Chat-up lines is a ✅. I have never used one. My face used to be my chat-up line, with three vodkas downed in twenty minutes being its wingmen. Maybe this is a heterosexual thing, I don’t know. It doesn’t matter.
Everything but coronavirus/anything and everything. We can count that as a ✅. I refuse to believe they didn’t mention it at least a few times. Hats off to anyone who can switch off from it, though. I have a theory that the amount you’re bothered by the coronavirus pandemic corresponds to how big your kitchen is and how white, clinical and pin-bright its tiles are. I think if I see one more celebrity gurning in front of a Gimble in a kitchen fitted out to NASA specifications and lit brighter than the cavity search room at Heathrow, I’m going to have some sort of ‘episode’.
Accents we do when drunk and lying about our identities: For me, Scottish, Derry, or ‘London-y’. I’ve always been an accent chameleon or whatever the term is – an assimilator, I guess. It depends on what I want and how quickly a switch of accent can help me get it. I crack out my long-lost, original Yorkshire accent only when in taxis in my hometown and want to go the quickest route possible and also not have an interminable conversation about how the cabbie ‘likes London but could never live there’. FASCinating.
Any awkward moments?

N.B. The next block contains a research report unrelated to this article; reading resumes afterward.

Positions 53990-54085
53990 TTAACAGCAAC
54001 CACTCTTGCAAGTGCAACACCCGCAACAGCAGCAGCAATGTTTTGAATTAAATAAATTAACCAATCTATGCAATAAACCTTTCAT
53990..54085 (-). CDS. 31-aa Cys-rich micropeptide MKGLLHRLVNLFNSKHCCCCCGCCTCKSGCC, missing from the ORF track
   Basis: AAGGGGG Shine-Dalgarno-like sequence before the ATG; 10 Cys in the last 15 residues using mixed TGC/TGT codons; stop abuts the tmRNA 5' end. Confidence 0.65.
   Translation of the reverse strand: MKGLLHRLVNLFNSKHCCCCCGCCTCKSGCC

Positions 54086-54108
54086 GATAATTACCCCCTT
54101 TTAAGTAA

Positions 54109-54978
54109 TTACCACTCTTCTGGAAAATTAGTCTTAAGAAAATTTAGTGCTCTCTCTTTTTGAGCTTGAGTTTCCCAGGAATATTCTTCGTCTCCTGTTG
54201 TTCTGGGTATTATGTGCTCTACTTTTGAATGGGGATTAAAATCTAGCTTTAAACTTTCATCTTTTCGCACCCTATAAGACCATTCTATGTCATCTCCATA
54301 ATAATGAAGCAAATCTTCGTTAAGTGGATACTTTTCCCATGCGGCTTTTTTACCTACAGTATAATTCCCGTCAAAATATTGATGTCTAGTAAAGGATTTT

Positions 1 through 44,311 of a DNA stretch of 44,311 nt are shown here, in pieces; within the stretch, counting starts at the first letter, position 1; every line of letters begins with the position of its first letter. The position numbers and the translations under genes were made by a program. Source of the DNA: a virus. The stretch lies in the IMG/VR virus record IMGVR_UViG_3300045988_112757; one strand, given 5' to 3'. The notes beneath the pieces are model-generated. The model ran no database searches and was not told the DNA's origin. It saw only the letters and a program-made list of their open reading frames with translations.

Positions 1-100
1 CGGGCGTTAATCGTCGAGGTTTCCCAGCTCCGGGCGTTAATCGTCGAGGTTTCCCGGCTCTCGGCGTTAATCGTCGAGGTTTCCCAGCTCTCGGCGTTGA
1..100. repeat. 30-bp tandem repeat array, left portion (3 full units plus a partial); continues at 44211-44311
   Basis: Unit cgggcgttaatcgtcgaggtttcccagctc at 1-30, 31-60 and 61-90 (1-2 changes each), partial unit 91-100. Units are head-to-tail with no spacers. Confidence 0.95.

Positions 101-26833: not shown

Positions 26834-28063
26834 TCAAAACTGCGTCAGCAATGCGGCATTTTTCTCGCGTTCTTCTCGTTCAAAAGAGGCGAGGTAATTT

When neither of us could figure out how UberEats works (pathetic) and when it got to 8pm and people started loudly clapping for the carers. (But it was fine – we both had a clap, too.)
I’m assuming she means ‘how UberEats works’ as in they couldn’t work the app, rather than they had a long, serious think about the rather disturbing intricacies of its corporate structure, where its funding comes from, and what this means for its workers and indeed the restaurant industry as a whole. (Order direct from a restaurant if you can.)
Good table manners?
His meal arrived a few minutes before mine, and he politely asked if I wanted him to wait.
A gentleman! Or perhaps a man who realised that someone was less likely to scrutinise his own table manners if they too were eating.
Good table manners?
I didn’t think much about it because if there is one thing I’m learning from this pandemic, it is that something once considered so strange has now become the norm.
You could be forgiven here for thinking that Kayleigh had slightly less than desirable table manners and Josh is being very gentlemanly about this – again. But if he were, it’s that kind of gentleman thing that you just KNOW Tom Hiddleston does, am I right? Oh come ON, we all know Tom goes back to his pied à terre – Holland Park, I’m guessing, very large kitchen, operating theatre lighting, worktops that have barely known the greased touch of a sliced avocado – and screams obscenities into a paper bag. Nobody can smile that politely for hours, listen to the dreary witterings of mere mortals, and have hair so wonderfully slicked back to Bateman-esque standards without punching a wall or strangling an insect once they get home. Come on.
Tom Hiddleston would totally wear a tux to a video date, actually, wouldn’t he?
How long did you stay on the call?
A casual four and a half hours (which is longer than about 90% of my in-person dates).
Four and a half hours. I genuinely believed it had only been a couple, so I guess the conversation was good!
I suppose being young means not having to change sitting position every 45 minutes in case something seizes up that can’t be fixed in pilates.
Anyway, four and a half hours is a long time for any date let alone one taking place over FaceTime so maybe this is encouraging.